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Millions of Americans will go to the polls on Tuesday. Most will vote on ballot measures in their own states. Many will select candidates to occupy positions at the local and state levels.

Every voter will have the ability to shape the composition of the next United States Congress. All 435 seats in the United States House of Representatives and 35 seats in the United States Senate are up for grabs.

According to RealClearPolitics, the GOP will gain between 15 and 48 House seats, enough to maintain a majority in the chamber. It also forecasts that Republicans will retake control of the Senate by a slight margin, while several seats are extremely close.

The results of the upcoming referendum should be of particular significance to retirees. Here are three major Social Security amendments that could be considered following the November elections.

1. Raise the minimum benefit

The Republican Study Committee (RSC) caucus includes more than 150 current Republican members of the United States House of Representatives. Several changes to Social Security are revealed in the RSC’s proposed budget for the fiscal year 2023. The first mentioned improvement is raising the minimum payout to assist low-income Social Security users.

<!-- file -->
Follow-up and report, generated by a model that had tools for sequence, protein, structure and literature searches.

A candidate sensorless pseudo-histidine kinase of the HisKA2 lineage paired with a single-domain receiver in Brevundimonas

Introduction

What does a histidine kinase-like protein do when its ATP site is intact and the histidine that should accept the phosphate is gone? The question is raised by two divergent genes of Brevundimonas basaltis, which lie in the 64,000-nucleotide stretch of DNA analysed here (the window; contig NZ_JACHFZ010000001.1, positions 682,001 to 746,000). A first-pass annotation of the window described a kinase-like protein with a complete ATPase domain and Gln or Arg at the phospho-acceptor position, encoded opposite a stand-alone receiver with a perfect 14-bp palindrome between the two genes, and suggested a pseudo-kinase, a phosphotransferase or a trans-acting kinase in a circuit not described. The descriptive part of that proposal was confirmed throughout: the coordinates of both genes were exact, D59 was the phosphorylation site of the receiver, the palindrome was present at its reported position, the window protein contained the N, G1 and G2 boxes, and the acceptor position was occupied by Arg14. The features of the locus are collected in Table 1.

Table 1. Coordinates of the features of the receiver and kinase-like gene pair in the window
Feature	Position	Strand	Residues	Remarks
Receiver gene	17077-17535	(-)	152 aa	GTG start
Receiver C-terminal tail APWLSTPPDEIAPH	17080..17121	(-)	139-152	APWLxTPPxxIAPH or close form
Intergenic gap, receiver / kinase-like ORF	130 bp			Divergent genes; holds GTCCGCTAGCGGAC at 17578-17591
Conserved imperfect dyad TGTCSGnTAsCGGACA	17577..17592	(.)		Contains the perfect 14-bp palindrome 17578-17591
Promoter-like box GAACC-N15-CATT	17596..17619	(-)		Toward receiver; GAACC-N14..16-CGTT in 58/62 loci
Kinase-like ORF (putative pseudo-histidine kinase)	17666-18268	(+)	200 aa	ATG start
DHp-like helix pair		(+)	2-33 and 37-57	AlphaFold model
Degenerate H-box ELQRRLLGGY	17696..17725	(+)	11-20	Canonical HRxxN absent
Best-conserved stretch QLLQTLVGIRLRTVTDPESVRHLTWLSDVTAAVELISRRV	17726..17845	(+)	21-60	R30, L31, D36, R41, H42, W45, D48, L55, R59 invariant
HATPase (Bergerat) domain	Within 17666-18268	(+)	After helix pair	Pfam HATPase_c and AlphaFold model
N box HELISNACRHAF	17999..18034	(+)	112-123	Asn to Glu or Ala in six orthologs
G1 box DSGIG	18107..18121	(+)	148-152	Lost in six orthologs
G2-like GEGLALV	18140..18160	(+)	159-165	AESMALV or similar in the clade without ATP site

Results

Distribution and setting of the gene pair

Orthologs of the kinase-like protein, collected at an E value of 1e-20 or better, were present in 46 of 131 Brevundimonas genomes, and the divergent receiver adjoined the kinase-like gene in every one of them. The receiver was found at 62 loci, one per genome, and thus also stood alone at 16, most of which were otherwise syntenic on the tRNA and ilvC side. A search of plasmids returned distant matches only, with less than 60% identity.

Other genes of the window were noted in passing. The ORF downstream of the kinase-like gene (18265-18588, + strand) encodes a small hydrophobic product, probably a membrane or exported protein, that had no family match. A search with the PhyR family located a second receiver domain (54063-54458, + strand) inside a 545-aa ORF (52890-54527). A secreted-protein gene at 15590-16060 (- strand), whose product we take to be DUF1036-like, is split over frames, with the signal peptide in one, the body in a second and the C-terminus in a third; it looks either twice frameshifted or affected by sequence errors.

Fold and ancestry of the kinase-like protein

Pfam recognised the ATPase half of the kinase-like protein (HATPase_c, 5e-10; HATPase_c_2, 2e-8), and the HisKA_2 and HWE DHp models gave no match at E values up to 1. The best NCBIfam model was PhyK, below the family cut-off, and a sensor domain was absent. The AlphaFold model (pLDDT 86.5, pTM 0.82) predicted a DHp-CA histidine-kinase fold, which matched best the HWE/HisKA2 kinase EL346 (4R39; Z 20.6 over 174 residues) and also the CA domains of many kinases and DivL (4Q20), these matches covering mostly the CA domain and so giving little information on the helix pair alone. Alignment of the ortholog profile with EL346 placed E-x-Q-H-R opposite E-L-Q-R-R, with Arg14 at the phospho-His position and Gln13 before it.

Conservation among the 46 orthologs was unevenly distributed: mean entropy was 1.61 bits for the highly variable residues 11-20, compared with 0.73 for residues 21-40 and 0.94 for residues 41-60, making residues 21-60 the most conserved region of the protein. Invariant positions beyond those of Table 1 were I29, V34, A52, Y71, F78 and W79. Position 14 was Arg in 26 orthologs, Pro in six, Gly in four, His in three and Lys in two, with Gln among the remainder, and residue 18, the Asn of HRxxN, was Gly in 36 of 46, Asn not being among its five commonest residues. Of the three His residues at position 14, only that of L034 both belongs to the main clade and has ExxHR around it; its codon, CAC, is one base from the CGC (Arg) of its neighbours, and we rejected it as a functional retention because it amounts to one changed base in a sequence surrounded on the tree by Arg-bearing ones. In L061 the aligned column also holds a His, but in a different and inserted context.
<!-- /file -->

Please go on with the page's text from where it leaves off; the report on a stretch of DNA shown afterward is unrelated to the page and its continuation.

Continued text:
Republicans, in particular, want to establish a new minimum Social Security payout for everybody with at least ten years of wages. This new benefit would be equivalent to 15% of the AWI, a statistic that analyzes pay growth for American employees.

This minimal benefit would increase in accordance with the amount of years of service. It would be capped at 40% of AWI for employees with at least 40 years of documented work experience.

AWI is currently $60,575.07. Based on this amount, the proposed GOP adjustment would raise the minimum benefit to $9,086.26 for individuals who have worked 10 years and $24,230.03 for those who worked 40 years or more.

2. Raise the full retirement age 

In addition, the RSC seeks to change the Social Security full retirement age to accommodate increased longevity. The full retirement age for everyone born in 1960 or later is presently 67. The Republican caucus wants to gradually raise the age of full retirement to 70 by 3 months each year up to 2040.

After 2040, the full retirement age for Social Security would be related to retiree life expectancy. If life expectancy falls in the future, the full retirement age will be reduced. The RSC feels that this strategy will aid in relieving the financial strain on Social Security caused by fewer employees per beneficiary.

3. Remove the penalty for continuing to work.

Individuals that claim Social Security benefits prior to reaching the full retirement age can still work. However, payments will be withheld if their income exceeds a certain level. This earnings test will be in effect until the full retirement age is attained.

The RSC wishes to abolish fines for early retirees who wish to keep working. There would be no earnings threshold for early retirees under the GOP caucus’ proposed legislation. Everyone who claims Social Security benefits prior to actually reaching the full retirement age will get their payments while still working

Author: Steven Sinclaire

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